Legal Alert: EPA Repeal of 2015 "Waters of the United States" Rule

On October 22, 2019, the U.S. Army Corps of Engineers (Corps) and U.S. Environmental Protection Agency (EPA) published their final rule repealing the 2015 “Waters of the United States” (WOTUS) rule.  The repeal will be effective on December 23, 2019.  The breadth of the WOTUS rule affects which water bodies and wetlands are subject to pollution protection under the federal Clean Water Act.  In late 2018, EPA and the Corps issued a proposed WOTUS rule to narrow the definition of WOTUS, and solicited public comment.  The new WOTUS rule is not expected to be finalized until 2020, and is likely to be challenged in the courts.

Until EPA and the Corps issue a new WOTUS rule, determinations of what constitutes WOTUS will be based on a 1986 WOTUS rule and 2008 EPA guidance documents.  The 1986 WOTUS rule gave rise to much litigation, and ultimately to the 2006 U.S. Supreme Court decision in Rapanos v. United States, in a fractured opinion, that was critical of the EPA and Corps of Engineers for not developing a clearer WOTUS rule.  The 2008 guidance document served as an interim measure after the Rapanos decision until a new WOTUS rule could be adopted to address the concerns under Rapanos.  However, the adoption of the 2015 WOTUS rule gave rise to a multitude of legal challenges, the consequence of which was the 2015 WOTUS rule was effective in about one half the states and was not effective in the remaining states.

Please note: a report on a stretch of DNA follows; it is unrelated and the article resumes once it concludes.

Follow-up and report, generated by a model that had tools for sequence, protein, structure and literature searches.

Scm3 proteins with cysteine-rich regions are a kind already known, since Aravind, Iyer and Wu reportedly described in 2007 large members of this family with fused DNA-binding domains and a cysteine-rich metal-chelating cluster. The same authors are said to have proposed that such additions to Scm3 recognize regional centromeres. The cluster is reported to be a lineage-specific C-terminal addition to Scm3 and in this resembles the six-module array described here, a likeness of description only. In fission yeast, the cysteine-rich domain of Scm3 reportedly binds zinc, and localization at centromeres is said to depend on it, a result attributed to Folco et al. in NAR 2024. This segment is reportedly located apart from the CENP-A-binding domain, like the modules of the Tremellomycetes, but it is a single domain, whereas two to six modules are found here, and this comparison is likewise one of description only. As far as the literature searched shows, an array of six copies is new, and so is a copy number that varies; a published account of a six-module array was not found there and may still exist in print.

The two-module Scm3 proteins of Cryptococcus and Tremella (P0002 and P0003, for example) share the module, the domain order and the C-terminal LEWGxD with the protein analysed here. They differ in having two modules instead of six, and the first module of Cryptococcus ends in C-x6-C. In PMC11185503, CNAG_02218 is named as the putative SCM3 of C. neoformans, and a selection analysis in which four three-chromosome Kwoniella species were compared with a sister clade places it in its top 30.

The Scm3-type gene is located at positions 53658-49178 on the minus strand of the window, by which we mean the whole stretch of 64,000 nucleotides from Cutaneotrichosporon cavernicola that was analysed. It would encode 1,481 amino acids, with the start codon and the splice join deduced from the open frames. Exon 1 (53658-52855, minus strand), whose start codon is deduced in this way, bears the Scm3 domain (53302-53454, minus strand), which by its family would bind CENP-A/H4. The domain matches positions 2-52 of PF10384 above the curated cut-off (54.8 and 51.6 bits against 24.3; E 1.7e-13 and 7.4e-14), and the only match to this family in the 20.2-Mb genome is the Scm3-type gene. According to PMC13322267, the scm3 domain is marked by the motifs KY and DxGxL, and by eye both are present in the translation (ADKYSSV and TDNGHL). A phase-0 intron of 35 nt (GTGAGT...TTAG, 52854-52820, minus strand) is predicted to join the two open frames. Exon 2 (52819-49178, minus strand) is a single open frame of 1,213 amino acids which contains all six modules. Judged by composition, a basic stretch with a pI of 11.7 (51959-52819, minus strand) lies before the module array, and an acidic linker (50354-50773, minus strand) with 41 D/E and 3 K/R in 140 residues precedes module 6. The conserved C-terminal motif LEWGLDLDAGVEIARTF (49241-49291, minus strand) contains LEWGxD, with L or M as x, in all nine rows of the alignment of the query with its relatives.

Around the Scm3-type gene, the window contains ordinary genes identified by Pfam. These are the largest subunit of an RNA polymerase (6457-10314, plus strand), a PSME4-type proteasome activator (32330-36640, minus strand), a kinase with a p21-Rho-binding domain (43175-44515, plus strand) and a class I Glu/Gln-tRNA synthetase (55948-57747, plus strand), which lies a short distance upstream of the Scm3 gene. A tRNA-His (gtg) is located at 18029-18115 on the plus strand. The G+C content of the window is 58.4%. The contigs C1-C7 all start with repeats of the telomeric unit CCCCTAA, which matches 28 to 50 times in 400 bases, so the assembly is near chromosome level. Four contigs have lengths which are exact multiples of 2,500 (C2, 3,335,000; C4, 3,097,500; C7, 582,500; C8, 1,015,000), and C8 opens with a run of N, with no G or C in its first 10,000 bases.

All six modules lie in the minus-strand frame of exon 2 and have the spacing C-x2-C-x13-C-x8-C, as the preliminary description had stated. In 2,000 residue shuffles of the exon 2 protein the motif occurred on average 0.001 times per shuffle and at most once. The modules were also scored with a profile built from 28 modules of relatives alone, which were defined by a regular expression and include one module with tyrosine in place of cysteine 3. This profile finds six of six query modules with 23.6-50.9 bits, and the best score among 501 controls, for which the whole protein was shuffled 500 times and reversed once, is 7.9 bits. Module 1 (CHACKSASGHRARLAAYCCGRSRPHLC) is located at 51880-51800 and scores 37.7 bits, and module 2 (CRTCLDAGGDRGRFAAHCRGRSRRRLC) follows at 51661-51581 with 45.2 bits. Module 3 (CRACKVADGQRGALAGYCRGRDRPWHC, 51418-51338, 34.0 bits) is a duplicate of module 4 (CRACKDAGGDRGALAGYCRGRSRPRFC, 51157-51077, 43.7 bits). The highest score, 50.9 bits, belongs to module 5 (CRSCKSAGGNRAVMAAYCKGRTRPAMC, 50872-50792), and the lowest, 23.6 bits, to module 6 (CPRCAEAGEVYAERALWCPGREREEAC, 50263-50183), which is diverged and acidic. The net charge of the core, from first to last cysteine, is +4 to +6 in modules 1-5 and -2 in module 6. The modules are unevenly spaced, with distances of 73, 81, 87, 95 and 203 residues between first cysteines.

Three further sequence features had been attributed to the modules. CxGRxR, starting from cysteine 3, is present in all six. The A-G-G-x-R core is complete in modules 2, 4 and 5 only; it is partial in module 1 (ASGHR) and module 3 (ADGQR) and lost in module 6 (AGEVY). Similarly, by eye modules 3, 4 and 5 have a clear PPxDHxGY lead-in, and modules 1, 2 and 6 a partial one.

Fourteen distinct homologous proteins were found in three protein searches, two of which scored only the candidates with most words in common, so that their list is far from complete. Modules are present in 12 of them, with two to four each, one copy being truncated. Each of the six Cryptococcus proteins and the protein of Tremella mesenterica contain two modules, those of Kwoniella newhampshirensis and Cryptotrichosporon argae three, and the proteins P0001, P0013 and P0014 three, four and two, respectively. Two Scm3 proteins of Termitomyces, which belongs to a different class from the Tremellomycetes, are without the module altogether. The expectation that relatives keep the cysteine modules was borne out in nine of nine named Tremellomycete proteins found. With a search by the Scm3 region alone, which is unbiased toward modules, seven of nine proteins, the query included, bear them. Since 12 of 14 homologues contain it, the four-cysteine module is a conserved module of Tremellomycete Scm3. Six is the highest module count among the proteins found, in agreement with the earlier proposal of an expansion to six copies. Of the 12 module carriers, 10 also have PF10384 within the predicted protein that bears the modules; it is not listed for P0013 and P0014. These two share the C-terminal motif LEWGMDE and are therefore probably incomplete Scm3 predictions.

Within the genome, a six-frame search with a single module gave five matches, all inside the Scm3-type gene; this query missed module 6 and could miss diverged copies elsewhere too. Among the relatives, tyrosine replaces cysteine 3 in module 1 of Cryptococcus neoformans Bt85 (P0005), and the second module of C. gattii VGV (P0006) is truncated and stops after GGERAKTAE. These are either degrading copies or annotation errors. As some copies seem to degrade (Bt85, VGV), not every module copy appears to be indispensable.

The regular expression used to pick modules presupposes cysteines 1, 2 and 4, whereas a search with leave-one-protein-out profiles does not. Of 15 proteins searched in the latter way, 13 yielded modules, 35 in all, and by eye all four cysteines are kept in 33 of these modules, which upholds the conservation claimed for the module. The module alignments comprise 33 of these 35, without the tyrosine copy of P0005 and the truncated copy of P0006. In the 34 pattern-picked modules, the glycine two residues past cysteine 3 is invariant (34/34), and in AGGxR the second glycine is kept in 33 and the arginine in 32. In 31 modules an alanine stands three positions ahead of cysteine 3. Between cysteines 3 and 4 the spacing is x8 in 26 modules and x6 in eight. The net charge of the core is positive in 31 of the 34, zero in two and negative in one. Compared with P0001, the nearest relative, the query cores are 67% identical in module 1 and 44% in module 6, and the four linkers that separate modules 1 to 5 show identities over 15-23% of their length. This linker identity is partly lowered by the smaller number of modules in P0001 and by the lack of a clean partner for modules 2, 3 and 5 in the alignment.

The EPA’s and Corps’ repeal of the 2015 WOTUS rule is already subject to legal challenges by various entities, including farming and environmental groups.  In addition, various regulatory decisions involving WOTUS made by EPA and the Corps prior to issuance of the new WOTUS rule are likely to be challenged, much as they were prior to the 2015 WOTUS rule.  Stay tuned for further developments.

KMK Legal Alerts and Blog Posts are intended to bring attention to developments in the law and are not intended as legal advice for any particular client or any particular situation. Please consult with counsel of your choice regarding any specific questions you may have.

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